On the same street you’ll also find Guadi’s La Pedrera/ Casa Milà where you’ll find Gaudi’s famous chimneys on top of the building. And finally, Gaudi’s unfinished masterpiece, La Sagrada Familia, which is still being built… since 1882! This church is a work of art, genius and patience and is one of Barcelona’s top attractions. Take a walk around the exterior and you can spend hours studying the designs and sculptures on its facade.
6. Soak up some sun along the Passeig Marítime
Take in some views of the Mediterranean along with some rays of sunshine (in the finer months) along the seaside promenade that is Passeig Marítime. You’ll find this seafront walk just northeast of the Old City. The boardwalk here is the perfect place a coastal stroll or stop off for a glass of sangria. Here, you’ll also find Port Olímpic which is a stunning marina area full of restaurants and bars. You’ll easily recognise it from the two seafront skyscrapers, one of which is home to the Casino Barcelona.
7. Get outdoors in Parc de la Ciutadella
Barcelona’s most central park is the expansive Parc de la Ciutadella that covers close to 74 acres and has a lake, a zoo, several museums and more. This green oasis in the heart of the city makes for the perfect escape from the crowded city. Spend a few hours wandering amongst the walkways, flowerbeds and palm trees while checking out the fountains and sculptures dotted around the park. You can hire out a rowing boat if you wish to go out on the lake or check out the zoo.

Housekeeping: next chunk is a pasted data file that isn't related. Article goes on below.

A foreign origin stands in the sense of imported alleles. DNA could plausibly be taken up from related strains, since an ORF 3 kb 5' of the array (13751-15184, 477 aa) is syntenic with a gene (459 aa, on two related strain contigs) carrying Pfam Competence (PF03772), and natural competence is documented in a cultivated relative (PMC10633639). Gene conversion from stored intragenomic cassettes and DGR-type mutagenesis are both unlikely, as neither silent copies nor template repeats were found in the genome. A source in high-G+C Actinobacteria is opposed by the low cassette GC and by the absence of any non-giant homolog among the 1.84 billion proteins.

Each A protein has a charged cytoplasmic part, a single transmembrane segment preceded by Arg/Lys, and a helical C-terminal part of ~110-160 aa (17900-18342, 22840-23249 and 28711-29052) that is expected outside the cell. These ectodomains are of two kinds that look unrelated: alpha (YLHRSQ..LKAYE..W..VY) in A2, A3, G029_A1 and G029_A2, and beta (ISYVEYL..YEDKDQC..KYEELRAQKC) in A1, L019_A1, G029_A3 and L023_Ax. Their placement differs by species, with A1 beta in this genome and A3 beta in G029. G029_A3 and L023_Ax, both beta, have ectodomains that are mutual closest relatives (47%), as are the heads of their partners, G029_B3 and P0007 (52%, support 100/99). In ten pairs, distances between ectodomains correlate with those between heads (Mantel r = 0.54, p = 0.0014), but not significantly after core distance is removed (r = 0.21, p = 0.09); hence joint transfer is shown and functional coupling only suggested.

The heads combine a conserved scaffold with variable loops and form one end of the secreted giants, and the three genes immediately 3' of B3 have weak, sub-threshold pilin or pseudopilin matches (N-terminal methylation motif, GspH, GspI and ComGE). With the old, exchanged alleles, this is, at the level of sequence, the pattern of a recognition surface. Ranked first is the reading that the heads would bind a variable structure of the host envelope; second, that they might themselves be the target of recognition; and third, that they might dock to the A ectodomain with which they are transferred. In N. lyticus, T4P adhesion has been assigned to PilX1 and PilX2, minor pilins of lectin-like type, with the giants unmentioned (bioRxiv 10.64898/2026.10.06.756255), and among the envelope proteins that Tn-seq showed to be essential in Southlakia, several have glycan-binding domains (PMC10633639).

8. Free entry to the Picasso Museum
This museum is dedicated to the life and works of Pablo Ruiz Picasso and is a must see for any fans of the artist visiting Barcelona. There are over 3,800 works of Picasso in the permanent collection and through them you can see his deep relationship with Barcelona that formed throughout his lifetime. There’s normally an entrance fee for the museum but it has free entry from 3pm every Sunday, and it’s also free all day on the first Sunday of the month.
9. Stare in awe at the popular Magic Fountain Show
The Magic Fountain of Montjuïc dates its first performance back to 1929, and today it’s as popular a spectacle as it was back then. This sensational fountain show is the centrepiece of a collection of waterfalls and smaller water features on Avinguda Maria Cristina. You can expect a stunning show encapsulating light, colours, music and lots of water. In fact close to 2,600 litres of water are pumped through this great fountain per second! Shows are on at different times depending on the season and you can reach the Magic Fountain of Montjuïc by Metro – stop Plaça Espanya.
10. Escape the city in the Catedral de Barcelona
Close to the busy streets of La Rambla you can find an oasis of calm in the city’s cathedral. Catedral de Barcelona, also known as Le Seu as it was named after Barcelona’s patron Saint Eulalia. You’ll find the stunning cathedral in the centre of the Barri Gòtic area and its origins date back to the 13th century. This medieval sanctuary has a vaulted interior, a number of little chapels, and a garden with a cloister that’s home to thirteen geese.
11. Enjoy the colourful Mercat de Sant Josep de la Boqueira
This large, colourful public market is also known as just La Boqueria and you’ll find it in the Ciutat Vella district of Barcelona. This is a popular attraction in Barcelona that dates back to the 13th century. You’ll be met with loud noises, overpowering smells and colour as far as the eye can see on arrival at the market. It’s the perfect place to visit at anytime of the day, and a great place to have a bite to eat too.